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A Radical New Autism Theory - Page 2 - The Daily Beast

A groundbreaking study suggests people with autism-spectrum disorders such as Asperger’s do not lack empathy—rather they feel others’ emotions too intensely to cope.

People with Asperger’s syndrome, a high functioning form of autism, are often stereotyped as distant loners or robotic geeks. But what if what looks like coldness to the outside world is in fact a response to being overwhelmed by emotion—an excess of empathy, not a lack of it?
This idea resonates with many people suffering from autism-spectrum disorders and their families. It also jibes with new thinking about the nature of autism called the “intense world” theory. As posited by Henry and Kamila Markram of the Swiss Federal Institute of Technology in Lausanne, suggests that the fundamental problem in autism-spectrum disorders is not a social deficiency, but rather an hypersensitivity to experience, which includes an overwhelming fear response.

“I can walk into a room and feel what everyone is feeling. The problem is that it all comes in faster than I can process it.”

“There are those who say autistic people don’t feel enough,” says Kamila Markram. “We’re saying exactly the opposite: They feel too much.” Virtually all people with ASD report various types of oversensitivity and intense fear. The Markrams argue that social difficulties of those with ASDs stem from trying to cope with a world where someone has turned the volume on all the senses and feelings up past 10. If hearing your parents’ voices while sitting in your crib felt like listening to Lou Reed’s Metal Machine Music on acid, you, too, might prefer to curl in a corner and rock.

But of course, this sort of withdrawal and self-soothing behavior—repetitive movements, echoing words or actions and failing to make eye contact—interferes with normal social development. Without the experience other kids get through ordinary social interactions, children on the spectrum never learn to understand subtle signals.

Phil Schwarz, a software developer from Massachusetts, is vice president of the Asperger’s Associaton of New England and has a child with the condition.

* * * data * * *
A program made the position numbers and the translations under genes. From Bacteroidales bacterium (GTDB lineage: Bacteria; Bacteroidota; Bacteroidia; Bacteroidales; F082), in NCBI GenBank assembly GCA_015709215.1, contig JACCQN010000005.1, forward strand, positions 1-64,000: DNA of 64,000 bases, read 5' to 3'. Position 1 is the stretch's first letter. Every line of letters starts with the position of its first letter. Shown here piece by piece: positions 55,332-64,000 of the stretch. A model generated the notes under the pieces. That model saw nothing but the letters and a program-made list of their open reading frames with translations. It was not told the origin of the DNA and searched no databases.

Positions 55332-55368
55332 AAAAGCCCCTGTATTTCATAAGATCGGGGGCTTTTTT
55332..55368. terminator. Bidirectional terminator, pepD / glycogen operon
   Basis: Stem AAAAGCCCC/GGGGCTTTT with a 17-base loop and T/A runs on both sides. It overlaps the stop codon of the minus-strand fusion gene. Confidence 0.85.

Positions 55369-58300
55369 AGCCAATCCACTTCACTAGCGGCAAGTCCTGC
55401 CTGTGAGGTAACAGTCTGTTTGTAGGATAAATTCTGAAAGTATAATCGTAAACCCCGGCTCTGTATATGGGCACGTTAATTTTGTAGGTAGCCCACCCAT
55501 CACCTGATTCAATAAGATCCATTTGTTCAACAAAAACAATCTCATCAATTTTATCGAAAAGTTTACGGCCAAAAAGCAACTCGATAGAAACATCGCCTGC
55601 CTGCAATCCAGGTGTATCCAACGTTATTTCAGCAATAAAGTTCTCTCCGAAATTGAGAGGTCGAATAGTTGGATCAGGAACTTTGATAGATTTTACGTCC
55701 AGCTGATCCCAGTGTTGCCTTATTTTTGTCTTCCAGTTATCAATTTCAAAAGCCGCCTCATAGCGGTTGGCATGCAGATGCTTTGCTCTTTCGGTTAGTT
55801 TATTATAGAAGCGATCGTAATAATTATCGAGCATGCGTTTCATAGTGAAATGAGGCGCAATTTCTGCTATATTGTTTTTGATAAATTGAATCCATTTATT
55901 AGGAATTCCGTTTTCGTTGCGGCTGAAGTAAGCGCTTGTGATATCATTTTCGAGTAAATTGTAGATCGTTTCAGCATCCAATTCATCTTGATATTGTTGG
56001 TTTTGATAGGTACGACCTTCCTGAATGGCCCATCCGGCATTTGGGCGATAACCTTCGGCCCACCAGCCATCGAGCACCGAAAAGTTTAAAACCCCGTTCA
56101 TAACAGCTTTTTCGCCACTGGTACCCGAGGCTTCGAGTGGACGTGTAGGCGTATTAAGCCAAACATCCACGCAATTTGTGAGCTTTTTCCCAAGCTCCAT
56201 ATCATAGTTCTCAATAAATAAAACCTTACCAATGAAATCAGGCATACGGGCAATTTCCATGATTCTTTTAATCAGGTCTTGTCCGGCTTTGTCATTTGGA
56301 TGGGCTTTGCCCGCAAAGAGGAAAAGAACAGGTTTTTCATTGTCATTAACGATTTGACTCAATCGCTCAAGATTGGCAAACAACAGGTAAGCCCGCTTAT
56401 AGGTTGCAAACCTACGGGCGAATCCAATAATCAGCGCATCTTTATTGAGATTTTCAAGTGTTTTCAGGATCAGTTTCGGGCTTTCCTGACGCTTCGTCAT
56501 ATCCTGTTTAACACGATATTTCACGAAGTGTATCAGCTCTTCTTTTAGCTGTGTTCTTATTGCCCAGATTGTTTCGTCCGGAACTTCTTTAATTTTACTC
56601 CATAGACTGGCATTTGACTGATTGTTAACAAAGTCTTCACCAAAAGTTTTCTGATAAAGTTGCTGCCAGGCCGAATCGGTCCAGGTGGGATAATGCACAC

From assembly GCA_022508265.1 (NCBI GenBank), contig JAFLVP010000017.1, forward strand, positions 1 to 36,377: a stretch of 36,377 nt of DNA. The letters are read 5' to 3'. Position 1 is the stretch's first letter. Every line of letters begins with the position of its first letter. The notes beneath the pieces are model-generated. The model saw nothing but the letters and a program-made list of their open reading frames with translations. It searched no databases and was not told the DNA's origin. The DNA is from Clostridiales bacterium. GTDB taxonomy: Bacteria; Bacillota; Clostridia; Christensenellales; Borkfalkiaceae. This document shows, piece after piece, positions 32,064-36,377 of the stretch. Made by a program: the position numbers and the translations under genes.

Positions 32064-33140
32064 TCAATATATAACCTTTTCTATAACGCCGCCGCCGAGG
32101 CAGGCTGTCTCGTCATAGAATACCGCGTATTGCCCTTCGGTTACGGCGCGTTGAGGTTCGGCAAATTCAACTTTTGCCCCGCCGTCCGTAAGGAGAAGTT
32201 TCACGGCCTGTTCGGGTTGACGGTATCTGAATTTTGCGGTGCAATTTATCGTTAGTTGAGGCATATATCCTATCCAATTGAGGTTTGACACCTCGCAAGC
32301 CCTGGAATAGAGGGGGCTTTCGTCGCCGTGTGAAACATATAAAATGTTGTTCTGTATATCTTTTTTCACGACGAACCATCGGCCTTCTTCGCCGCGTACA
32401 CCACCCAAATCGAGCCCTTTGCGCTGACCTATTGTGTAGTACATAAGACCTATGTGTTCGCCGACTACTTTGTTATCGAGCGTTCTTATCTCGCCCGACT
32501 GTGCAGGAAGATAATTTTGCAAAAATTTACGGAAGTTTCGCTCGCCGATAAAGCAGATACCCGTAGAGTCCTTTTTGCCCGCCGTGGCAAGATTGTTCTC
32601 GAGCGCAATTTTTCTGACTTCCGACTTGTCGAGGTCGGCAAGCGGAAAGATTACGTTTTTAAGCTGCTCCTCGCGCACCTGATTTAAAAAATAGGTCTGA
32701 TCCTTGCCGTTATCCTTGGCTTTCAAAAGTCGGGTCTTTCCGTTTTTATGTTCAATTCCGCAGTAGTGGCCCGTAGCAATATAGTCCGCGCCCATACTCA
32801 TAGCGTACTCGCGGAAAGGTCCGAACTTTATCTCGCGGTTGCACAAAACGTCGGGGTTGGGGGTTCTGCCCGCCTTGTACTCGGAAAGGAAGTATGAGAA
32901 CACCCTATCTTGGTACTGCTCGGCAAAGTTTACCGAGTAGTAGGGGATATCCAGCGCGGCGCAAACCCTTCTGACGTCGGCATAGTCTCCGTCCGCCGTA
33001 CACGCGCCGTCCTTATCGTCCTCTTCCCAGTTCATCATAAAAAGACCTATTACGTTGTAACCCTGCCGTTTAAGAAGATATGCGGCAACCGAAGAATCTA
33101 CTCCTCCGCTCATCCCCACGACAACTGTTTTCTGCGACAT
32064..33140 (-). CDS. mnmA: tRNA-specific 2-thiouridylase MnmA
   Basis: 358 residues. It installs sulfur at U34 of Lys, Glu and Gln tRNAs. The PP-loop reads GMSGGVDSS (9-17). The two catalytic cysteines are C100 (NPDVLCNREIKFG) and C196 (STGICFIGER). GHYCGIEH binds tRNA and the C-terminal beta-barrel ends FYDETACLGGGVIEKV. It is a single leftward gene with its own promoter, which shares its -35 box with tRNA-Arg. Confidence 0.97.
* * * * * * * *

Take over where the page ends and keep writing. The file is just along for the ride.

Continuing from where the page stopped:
“I think that it’s a stereotype or a misconception that folks on spectrum lack empathy,” he says. Schwarz notes that autism is not a unitary condition—“if you’ve seen one Aspie, you’ve seen one Aspie,” he says, using the colloquial term. But he adds, “I think most people with ASD feel emotional empathy and care about the welfare of others very deeply.”

So why do so many people see a lack of empathy as a defining characteristic of ASD? The problem starts with the complexity of empathy itself, which has at least two critical parts: The first is simply the ability to see the world from the perspective of another. The second is more emotional—the ability to imagine what the other is feeling and care about their pain as a result.

The fact that autistic children tend to develop the first part of empathy—which is called “theory of mind”—later than other kids was established in a classic experiment. Children are asked to watch two puppets, Sally and Anne. Sally takes a marble and places it in a basket, then leaves the stage. While she’s gone, Anne takes the marble out and puts it in a box. The children are then asked: Where will Sally look first for her marble when she returns?

Normal four year olds know that Sally didn’t see Anne move the marble, so they get it right. By 10 or 11, mentally retarded children with a verbal IQ equivalent to three-year-olds also guess correctly. But 80 percent of 10-11 year-old autistic children guess that Sally will look in the box, because they know that that’s where the marble is and they don’t realize that other people don’t share all of their knowledge.
It takes autistic children far longer than others to realize that other people have different experiences and perspectives—and the timing of this development varies greatly. Of course, if you don’t realize that others are seeing and feeling different things, you might well act less caring toward them.

But that doesn’t mean that once people with ASD do become aware of other people’s experience, they don’t care or want to connect. Schwarz says that all the autistic adults he knows over the age of 18 have a better sense of what others know than the Sally/Anne test suggests.

Schwarz notes that nonautistic people, too, “are rather lousy at understanding the inner state of minds too different from their own—but the nonautistic majority gets a free pass because if they assume that the other person's mind works like their own, they have a much better chance of being right.” Thus, when, for example, a child with Asperger’s talks incessantly about his intense interests, he isn’t deliberately dominating the conversation so much as simply failing to consider that there may be a difference between his interests and those of his peers.

In terms of the caring aspect of empathy, a lively discussion that would seem to support the Markrams’ theory appeared on the Web site for people with ASD called WrongPlanet.net, after a mother wrote in to ask whether her empathetic but socially immature daughter could possibly have Asperger’s.
“If anything, I struggle with having too much empathy” one person commented. “If someone else is upset, I am upset. There were times during school when other people were misbehaving, and if the teacher scolded them, I felt like they were scolding me.”